21st Century Syndrome
Little exercise. Unhealthy foods. Poor lifestyle choices propagate a complex metabolic disorder. One drug shows promise to stem the tide of this growing problem.
"Investigating the causes of rare diseases ... can contribute to understanding the mechanisms of more common diseases."
Driven by high-fat diets and low-exercise lifestyles, metabolic syndrome is spreading rapidly across continents, age groups and ethnic lines, leaving millions at significantly increased risk of potentially life-threatening problems such as diabetes and heart disease.
The multiple risks associated with this 21st century syndrome make treatment complex: Various drugs can alleviate individual symptoms such as high cholesterol or blood pressure. But now researchers see potential for one drug to provide overall control by engaging the beneficial effects of a single protein.
"As a physician who sees many patients with metabolic syndrome and pre-diabetes conditions, modifying diet and lifestyle are going to continue to be the cornerstone of any therapeutic regimen," notes Clay F. Semenkovich, MD, the Herbert S. Gasser Professor and chief of the Division of Endocrinology, Metabolism and Lipid Research at Washington University and Barnes-Jewish Hospital. "But additional medications will certainly help."
The new treatment's discovery began in the laboratory of Michael B. Kastan, MD, PhD, director of the Cancer Center at St. Jude Children's Research Hospital in Memphis TN. Kastan, a medical school classmate of Semenkovich at Washington University, is a specialist in the treatment of the rare genetic disorder ataxia-telangiectasia (A-T).
A-T causes children to have markedly increased risk of tumors, immunological problems and severe progressive deterioration of a part of their brain that controls muscle function and coordination. When researchers linked A-T to a mutated gene, they named the protein made by the gene ataxia-telangiectasia mutated, or ATM.
Kastan has been investigating the function of ATM for years, and he and others have shown that it is activated by and helps repair DNA damage. Kastan began to suspect it might have links to insulin, because A-T causes a highly unusual form of diabetes in some cases.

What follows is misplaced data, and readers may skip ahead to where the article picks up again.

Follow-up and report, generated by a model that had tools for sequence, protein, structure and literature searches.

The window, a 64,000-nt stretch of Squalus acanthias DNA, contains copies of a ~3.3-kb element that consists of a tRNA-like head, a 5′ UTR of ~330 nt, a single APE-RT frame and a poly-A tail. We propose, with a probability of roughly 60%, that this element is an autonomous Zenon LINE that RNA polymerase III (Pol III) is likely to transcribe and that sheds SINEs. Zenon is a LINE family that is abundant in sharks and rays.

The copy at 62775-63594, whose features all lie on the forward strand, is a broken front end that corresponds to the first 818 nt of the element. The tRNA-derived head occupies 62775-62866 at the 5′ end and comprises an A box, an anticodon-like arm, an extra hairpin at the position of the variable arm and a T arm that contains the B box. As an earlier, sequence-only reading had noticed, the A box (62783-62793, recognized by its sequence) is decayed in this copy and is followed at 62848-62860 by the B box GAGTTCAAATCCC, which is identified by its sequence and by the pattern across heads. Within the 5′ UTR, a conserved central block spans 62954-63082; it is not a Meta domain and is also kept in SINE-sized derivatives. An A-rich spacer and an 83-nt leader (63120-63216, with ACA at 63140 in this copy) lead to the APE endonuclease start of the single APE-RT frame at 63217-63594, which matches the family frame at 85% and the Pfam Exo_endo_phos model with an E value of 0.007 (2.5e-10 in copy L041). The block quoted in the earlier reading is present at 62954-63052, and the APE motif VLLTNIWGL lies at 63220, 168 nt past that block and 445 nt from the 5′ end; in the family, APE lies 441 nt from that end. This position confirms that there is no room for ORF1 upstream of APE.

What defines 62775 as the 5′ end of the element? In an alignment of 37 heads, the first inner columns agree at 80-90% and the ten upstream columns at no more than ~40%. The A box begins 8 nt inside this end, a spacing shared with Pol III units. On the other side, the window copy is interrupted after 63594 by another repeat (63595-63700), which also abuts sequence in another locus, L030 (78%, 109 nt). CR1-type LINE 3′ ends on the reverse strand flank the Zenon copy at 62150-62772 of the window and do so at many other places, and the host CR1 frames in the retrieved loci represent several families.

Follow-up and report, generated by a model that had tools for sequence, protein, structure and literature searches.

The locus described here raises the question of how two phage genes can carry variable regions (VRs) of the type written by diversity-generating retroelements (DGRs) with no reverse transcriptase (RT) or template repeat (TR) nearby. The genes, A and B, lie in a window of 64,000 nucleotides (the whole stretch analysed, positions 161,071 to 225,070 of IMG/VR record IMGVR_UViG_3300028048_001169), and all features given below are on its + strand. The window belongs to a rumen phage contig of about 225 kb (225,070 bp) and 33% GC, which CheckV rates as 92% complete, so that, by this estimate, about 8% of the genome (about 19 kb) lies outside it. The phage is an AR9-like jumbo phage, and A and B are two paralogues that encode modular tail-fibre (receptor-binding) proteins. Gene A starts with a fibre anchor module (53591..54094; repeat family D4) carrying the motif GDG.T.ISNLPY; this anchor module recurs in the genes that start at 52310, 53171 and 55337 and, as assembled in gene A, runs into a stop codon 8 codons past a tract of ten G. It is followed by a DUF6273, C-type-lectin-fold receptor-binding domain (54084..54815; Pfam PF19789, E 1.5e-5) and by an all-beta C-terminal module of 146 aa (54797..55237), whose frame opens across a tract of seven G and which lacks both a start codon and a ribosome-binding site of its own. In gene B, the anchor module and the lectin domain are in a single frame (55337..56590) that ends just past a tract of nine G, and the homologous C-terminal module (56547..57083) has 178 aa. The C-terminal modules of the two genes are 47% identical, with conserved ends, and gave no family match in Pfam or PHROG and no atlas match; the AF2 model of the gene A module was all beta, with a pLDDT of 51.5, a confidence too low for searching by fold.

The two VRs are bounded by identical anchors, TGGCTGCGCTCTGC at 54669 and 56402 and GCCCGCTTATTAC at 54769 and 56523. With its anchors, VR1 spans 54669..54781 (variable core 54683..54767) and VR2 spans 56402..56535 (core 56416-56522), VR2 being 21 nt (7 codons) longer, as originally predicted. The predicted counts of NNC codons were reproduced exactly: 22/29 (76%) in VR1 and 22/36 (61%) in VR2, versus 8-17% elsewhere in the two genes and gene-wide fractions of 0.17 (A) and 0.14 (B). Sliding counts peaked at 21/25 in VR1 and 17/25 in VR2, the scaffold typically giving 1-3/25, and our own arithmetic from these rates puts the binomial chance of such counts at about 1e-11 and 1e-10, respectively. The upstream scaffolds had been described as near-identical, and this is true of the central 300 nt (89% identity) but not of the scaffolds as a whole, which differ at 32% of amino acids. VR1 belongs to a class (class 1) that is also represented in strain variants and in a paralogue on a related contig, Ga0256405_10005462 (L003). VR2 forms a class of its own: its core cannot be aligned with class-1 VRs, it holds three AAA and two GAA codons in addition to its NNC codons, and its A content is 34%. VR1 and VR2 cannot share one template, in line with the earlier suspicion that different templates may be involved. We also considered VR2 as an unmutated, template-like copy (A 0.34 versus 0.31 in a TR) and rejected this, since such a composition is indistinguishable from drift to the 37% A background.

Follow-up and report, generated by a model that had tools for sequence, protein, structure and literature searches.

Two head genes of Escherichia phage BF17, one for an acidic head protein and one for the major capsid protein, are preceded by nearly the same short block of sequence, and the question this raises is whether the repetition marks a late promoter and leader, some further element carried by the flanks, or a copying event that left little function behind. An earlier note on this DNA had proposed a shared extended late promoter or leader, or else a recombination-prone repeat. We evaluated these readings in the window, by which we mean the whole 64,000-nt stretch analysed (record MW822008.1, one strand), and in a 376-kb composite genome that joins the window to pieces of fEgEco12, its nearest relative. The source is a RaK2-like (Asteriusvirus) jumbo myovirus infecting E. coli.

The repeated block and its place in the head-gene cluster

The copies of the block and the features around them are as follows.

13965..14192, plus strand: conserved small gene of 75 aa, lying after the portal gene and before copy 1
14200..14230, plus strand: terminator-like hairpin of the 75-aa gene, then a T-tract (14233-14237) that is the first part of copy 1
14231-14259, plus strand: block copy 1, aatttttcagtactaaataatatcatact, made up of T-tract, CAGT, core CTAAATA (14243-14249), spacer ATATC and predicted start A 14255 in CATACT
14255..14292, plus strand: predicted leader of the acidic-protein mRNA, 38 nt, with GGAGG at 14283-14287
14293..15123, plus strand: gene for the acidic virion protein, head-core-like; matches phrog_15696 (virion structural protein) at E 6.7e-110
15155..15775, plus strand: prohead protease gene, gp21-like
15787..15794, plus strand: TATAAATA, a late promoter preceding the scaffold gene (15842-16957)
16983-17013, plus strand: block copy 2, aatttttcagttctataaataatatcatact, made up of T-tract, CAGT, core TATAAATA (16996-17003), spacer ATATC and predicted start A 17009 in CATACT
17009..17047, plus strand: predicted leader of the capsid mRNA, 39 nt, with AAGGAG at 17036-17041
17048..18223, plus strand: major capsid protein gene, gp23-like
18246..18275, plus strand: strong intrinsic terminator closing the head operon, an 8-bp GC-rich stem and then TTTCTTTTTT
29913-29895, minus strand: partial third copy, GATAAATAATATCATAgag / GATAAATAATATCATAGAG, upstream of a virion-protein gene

"There were reports for years of kids with A-T who were small and thin and had diabetes syndromes that resembled those seen in patients who were obese," Semenkovich recalls. "Mike rediscovered this in the old literature, where it had never been explained, and started to do some studies to try to learn what was happening."
To test if the ATM-insulin connection means ATM plays a role in metabolic syndrome, Semenkovich and Kastan studied a mouse model with reduced levels of ATM and a genetic predisposition to heart disease. When they fed the mice a high-fat diet, the animals developed increased insulin resistance, atherosclerosis and higher levels of a signaling molecule linked to inflammatory processes—a close match for many of the symptoms seen in human metabolic syndrome.
From earlier research, Kastan knew that ATM's activities — helping cells survive stress and damage — could be increased by the anti-malarial drug chloroquine. Kastan and Semenkovich wondered if that meant chloroquine could prevent or delay metabolic syndrome in their mouse model. Their hunch paid off. In a paper published in Cell Metabolism last fall, they reported that a small dose of chloroquine, equivalent to about 40 milligrams given once a week for humans, reduced blood pressure, decreased hardening and narrowing of the arteries and improved blood sugar tolerance in mice.
Chloroquine has been in use for more than a century as an anti-malarial drug, and physicians already know it is safe and well-tolerated. That allowed Semenkovich to quickly begin the first human trials. With funding from the National Institutes of Health, he has started enrollment for a year of testing to see if small doses of chloroquine reduce damage to the arteries in human adults with metabolic syndrome.
Because this treatment could involve putting patients on regular chloroquine doses for extended periods, Semenkovich is conducting further mouse research to see if an even lower dose still provides beneficial effects.
He also wants to see whether ATM's connections to metabolic syndrome can be used to better understand the links between obesity, diabetes and autoimmune conditions.
"It's intriguing that chloroquine has been used in the past to treat autoimmune conditions like lupus and arthritis," he says. "Our data further suggest that there are links we don't fully understand between the metabolic dysfunctions triggered by obesity and the inflammatory processes that go awry in autoimmune disorders."
He expresses confidence that obtaining more details, such as how ATM fits into and enhances insulin signaling pathways, will pay off in insights into other conditions.
"ATM might be involved in multiple important metabolic diseases that we haven't even thought about yet," he notes.
Finally, Semenkovich also wants to follow up on prior studies conducted elsewhere that suggested another link between ATM and heart disease. The studies found that as many as one in every 50 to 100 people lacks one copy of the ATM gene. They also suggested that this genetic variation could expose carriers to increased risk of heart attack.
"We're looking into the possibility of screening for the loss of one copy of ATM in humans and are planning studies in animals to see if chloroquine can help reduce this risk," he says.
According to Kastan, "Our studies show how investigating the causes of rare diseases at a molecular level can contribute to understanding the mechanisms of more common diseases and point the way to new treatment options."
"It's an amazing thing," Semenkovich says. "We started with the study of a disease that affects one birth in thousands, and that led us to insights into one of the most pervasive health problems of modern industrialized society."